I support this with the following caveat: Monies will need to be in place for upkeep/security of this trail and, in order to facilitate the expected increase in tourism (both local and international), it would be helpful to know what is being planned for additional lodging, food, etc., easily accessible from this trail.
With the increasing risks of biking on-road due to driver distraction, there is a real need for traffic-free trails for recreational bikers. If you build it, they will come. There is already one organized annual canal camping ride, but once the Erie Canal trail is fully connected, other organized and self-guided tours are sure to pop up, catering to bikers who will bring business to hotels and restaurants along the way. As a way to fund continuing maintenance of the trail, the state should consider offering people/companies the opportunity to pay an annual fee to sponsor sections of the trail (as sections of the highway are now sponsored). This would be great advertising for local businesses along the trail.
—Maggie Symington, Brighton
I wholeheartedly support state funds for these types of initiatives that help to connect communities, bring visitors to places they wouldn’t go otherwise, and allow people to explore the great outdoors. You can see so much more when you are walking, biking and running outside. I hope the affected communities will embrace the plan, and Friends groups can help to maintain the trails.
—Maria Bucci, Canandaigua
There are a number of reasons to oppose this proposal: 1. The state government is corrupt. We need to clean it up before embarking on new spending projects. 2. The maintenance and security of this trail is bound to become another unfunded mandate that our local government will be forced to pay. 3. It will mean seizure of private property. 4. Most important, we have to stop looking to tourism as the cure for our ailing economy. Tourism is fine when it evolves on its own, but we should be devoting our efforts to eliminating the many impediments that exist in creating skilled manufacturing and tech jobs.
Tourism and allowing state residents to appreciate and enjoy our natural resources is a good reason to support this important project.
—Lee Drake, OS-Cubed Inc.
If it makes sense, raise the money and do it yourself. Stop trying to put all these ridiculous projects on the backs of the taxpayer, 99 percent of whom will never use them.
—Kenya Burn-Moore, Rochester
As a Scout leader, and one who appreciates history, I do like the idea (not the price tag). Maybe Cuomo can take a page out of President Trump’s practices and find a way to lower the cost.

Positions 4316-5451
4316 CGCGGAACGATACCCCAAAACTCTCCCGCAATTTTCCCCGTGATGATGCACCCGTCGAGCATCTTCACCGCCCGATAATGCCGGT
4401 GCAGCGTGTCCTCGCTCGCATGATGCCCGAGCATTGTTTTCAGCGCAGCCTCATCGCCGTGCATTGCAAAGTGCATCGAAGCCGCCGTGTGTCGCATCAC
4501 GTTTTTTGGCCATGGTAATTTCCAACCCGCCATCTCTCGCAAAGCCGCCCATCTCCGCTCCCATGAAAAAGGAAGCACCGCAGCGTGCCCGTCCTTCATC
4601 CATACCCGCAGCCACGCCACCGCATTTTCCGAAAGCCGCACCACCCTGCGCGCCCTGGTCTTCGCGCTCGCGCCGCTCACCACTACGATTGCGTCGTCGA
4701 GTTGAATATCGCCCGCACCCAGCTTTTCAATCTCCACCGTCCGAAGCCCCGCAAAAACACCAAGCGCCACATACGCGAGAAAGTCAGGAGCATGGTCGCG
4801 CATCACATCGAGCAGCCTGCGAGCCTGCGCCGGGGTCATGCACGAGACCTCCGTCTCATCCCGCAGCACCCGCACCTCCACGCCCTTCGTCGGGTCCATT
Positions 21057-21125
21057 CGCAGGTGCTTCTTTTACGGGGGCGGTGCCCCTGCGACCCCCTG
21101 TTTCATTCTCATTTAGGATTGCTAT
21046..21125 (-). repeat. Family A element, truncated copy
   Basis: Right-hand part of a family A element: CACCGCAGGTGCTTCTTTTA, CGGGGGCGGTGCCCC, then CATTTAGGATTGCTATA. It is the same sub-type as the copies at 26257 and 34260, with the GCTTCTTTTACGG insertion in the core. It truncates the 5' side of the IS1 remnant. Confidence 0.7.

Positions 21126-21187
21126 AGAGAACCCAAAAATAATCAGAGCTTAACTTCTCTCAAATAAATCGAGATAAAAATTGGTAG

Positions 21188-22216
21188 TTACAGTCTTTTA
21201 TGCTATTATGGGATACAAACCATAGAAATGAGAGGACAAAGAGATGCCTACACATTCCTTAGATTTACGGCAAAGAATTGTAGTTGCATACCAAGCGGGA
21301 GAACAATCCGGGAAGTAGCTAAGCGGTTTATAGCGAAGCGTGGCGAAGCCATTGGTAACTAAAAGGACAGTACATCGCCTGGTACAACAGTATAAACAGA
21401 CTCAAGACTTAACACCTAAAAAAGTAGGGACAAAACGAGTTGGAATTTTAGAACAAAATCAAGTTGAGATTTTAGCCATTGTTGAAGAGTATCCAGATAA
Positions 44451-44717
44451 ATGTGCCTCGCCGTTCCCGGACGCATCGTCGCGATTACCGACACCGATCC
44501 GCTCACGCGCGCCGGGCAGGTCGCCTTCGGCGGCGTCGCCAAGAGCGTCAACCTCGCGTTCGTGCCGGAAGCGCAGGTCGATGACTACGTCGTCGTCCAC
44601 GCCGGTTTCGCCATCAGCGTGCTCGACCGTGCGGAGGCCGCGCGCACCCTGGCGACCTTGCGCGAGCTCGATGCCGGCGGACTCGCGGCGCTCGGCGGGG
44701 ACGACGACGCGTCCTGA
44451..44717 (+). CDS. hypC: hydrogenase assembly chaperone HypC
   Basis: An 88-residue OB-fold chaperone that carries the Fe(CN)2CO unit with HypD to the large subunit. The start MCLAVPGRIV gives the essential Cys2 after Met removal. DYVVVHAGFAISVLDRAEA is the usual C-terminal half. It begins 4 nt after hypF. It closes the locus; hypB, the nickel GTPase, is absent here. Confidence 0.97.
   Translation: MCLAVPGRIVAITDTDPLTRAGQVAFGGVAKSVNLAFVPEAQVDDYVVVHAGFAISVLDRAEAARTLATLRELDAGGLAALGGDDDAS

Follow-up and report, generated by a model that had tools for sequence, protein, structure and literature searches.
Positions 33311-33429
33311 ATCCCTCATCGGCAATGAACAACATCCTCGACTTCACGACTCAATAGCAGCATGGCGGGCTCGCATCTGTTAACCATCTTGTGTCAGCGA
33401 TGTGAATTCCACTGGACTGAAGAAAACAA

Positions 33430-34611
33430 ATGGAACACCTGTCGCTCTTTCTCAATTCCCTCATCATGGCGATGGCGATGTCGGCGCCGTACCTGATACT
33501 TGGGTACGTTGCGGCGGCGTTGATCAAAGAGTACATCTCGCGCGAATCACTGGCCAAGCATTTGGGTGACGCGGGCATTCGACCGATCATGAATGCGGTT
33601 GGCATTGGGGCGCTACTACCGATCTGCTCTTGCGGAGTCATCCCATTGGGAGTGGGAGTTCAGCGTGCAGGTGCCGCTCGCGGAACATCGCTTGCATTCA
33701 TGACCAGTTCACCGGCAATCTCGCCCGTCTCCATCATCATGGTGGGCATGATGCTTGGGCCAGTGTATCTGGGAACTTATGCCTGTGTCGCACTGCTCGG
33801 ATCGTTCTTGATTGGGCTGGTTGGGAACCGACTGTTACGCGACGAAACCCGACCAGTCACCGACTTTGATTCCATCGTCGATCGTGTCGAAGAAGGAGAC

I use the canal path for biking and walking. Improving it would be a nice asset for all New Yorkers.
I’m in support of this wholeheartedly, and it’s about time! I’m an avid road cyclist and, assuming the project includes paving a good portion of the pathways (always looking for that safe and beautiful 50- or 100-mile trek), this type of infrastructure and recreational improvement would be advantageous on so many levels. I think this would go a long way to improve the attractiveness of the state, both to tourists and those who are contemplating residing (or staying) here. And this doesn’t even include the multitude of abandoned railway rights-of-way that could provide usable trails for hikers and bikers in the Greater Rochester area to destinations like Letchworth (and other state parks), Niagara Falls, the Finger Lakes and lower Southern Tier areas. If our local communities and counties are willing to work with the state, maintaining the pathways should be entirely doable and manageable. Projects like this (along with contemplating something like a phased and expanding light-rail network) just open up the expansive beauty of our state for many in-state residents and out-of-state tourists. This just can’t happen soon enough!
We rate at the bottom in taxes, job growth and population attrition, and this governor wants to build bike trails. Good grief, has he ever seen a boondoggle he doesn’t like?
—Steve Wichtowski, Honeoye
An interconnected hiking and biking trail is a great idea. I believe it will greatly improve the quality of life for many.
I wholeheartedly support the trail, and would seek opportunities to use it whenever and wherever possible. It would make New York an even better state than it already is, giving people more access to some of the lesser-traveled but still gorgeous parts of our state. Much of New York is truly magnificent! But many have no clue how beautiful it really is. This trail would do a lot for those willing to get out and explore beyond their own communities. I see this project as providing a valuable quality-of-life resource for all who have a sense of adventure and a love of the outdoors.
—Jocelyn Goldberg, Schaible Rochester Research Group
Use the $200 million to pay for the federal paperwork and processing to get all the illegal immigrants that are in New York State filed for legal immigration so that they can be legal immigrants and U.S. citizens.
The numbers don’t add up. 2,000 jobs? The difference between 1.5 and 5 million is quite a big difference also. Someone in the “trail-building industry” must have made a substantial contribution.